Greeting at the Door – Why Lovelace Leadership are Spending Less Time in the Office

There’s nothing quite like arriving at a bustling hotel, bags in hand, your energy worn by travel and immediately hearing the words, “Hello, we’ve been expecting you.” All of a sudden, this new place feels more familiar – the people more welcoming. A deep breath later and a sense of comfort and calm replace any stress or anxiety you may have felt moments before. Could the same be true if you were to step into a hospital instead of hotel? Derrick Jones believes so and he’s investing his own time to find out.

Jones is a busy man. At the helm of Lovelace Rehabilitation Hospital, Jones was recently recognized as CEO of the Year in 2012, while the hospital received the Quality Award the same year, both by parent company Ardent Health Services. The distinctions are more than just awards. They reflect the focus and dedication Jones and his leadership team, along with health care providers at Lovelace Rehabilitation Hospital, have in every facet of patient care that improves their patients’ progress daily. It is the reason Jones is spending less time in his office and more time at the front door.

“It’s been very eye-opening for us,” Jones says of dedicating at least two hours a week manning the front door and greeting patients and visitors as they enter the hospital. His entire leadership team has joined him. “We all have made a commitment,” he says.

Across Lovelace Health System, patients and visitors will be greeted by CEOs, CNOs, CFOs and other members of leadership on any hospital campus they visit. It is a way Lovelace has identified to help ease the stress of entering a hospital, perhaps for the first time. “We don’t just point people in the right direction,” Jones explains. “We walk with them and assist with any questions.”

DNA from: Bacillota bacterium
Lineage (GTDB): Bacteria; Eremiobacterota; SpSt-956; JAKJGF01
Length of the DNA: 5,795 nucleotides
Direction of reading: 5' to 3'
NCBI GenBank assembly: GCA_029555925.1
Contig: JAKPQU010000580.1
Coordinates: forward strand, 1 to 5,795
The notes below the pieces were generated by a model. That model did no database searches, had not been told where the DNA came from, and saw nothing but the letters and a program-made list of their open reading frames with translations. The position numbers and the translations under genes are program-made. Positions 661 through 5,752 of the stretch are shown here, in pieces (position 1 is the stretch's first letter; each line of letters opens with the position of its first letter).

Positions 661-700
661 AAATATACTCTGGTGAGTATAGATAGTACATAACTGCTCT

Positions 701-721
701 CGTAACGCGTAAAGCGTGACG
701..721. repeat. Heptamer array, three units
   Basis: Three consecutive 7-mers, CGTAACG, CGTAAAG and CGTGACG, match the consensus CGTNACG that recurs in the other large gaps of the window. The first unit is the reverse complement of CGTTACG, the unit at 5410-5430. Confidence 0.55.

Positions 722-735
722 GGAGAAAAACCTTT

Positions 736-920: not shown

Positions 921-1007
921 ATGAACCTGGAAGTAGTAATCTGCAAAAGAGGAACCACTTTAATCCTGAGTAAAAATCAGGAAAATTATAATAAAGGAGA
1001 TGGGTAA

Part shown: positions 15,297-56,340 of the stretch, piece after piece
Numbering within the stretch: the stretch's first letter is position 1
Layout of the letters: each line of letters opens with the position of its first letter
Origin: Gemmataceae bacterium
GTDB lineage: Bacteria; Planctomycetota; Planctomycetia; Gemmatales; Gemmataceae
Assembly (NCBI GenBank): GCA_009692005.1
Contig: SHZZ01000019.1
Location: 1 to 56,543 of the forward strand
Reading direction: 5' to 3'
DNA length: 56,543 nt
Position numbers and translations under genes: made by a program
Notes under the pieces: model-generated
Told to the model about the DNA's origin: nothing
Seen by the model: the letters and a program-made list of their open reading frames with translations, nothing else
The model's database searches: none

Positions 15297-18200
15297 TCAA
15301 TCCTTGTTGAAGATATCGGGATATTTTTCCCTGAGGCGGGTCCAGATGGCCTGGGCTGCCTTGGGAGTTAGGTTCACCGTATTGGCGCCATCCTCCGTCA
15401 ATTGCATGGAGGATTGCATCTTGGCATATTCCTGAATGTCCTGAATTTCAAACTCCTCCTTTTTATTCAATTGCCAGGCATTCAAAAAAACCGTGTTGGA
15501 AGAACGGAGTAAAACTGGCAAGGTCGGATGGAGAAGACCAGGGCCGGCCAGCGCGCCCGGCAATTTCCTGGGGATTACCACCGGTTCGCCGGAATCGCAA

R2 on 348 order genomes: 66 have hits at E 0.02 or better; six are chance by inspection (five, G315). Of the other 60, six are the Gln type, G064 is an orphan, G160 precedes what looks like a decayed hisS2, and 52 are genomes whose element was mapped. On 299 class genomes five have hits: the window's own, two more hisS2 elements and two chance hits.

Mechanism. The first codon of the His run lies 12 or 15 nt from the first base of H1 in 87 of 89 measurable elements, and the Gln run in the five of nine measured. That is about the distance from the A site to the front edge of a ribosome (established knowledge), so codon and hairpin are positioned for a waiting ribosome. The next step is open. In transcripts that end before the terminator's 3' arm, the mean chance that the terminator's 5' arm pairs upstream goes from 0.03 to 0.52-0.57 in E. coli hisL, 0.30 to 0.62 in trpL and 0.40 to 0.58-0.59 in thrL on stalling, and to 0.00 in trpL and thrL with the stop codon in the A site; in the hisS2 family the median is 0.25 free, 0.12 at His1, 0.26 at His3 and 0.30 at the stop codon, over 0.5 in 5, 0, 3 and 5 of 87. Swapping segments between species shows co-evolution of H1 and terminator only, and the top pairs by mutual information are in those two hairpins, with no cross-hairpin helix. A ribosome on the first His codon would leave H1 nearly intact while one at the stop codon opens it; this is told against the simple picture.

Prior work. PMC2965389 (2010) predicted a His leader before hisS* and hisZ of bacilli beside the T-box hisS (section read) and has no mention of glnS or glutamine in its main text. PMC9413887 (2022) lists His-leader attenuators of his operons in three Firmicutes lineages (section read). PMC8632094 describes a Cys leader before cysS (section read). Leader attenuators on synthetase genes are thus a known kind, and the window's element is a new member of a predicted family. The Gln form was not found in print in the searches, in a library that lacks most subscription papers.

Being greeted by a CEO is not something most patients and visitors are expecting when they walk through the doors, however. “The biggest impact, when people come in, is the eye contact,” Jones explains. “They are greeted. They see the badge and they feel special they are being greeted by a leader of the organization.”

What may begin with “Where can I find my loved one?” becomes more as Jones has the opportunity to talk with patients and visitors as they walk throughout the hospital. For patients, Jones says, it is a unique situation he would otherwise not have. “I have an opportunity to get to know them a little better – what they’ve been through,” he says. “I try to put them at ease.”

Jones says that one of his goals at Lovelace Rehabilitation Hospital through this program is to be a bridge for patients who are being transferred from other hospitals, including Lovelace Medical Center on the downtown campus. “It is a seamless transition of care, like showing up at a hotel and hearing, ‘We’ve been expecting you,’” he shares.

Being right there as people walk through the front door, Jones adds, allows concerns to be voiced and addressed immediately. “We can rectify concerns in the moment,” he says. “We are getting instant feedback and instantly correcting issues.” Jones says he takes these exchanges back to weekly leadership meetings to identify common issues and improve the program. It is an effort building upon an existing initiative – the Ambassador Program, which gives leadership the opportunity to visit with patients directly on a regular basis.

“So far, we have had very positive results and feedback,” adds Jones. “This is absolutely putting our best foot forward, welcoming them to Lovelace.”

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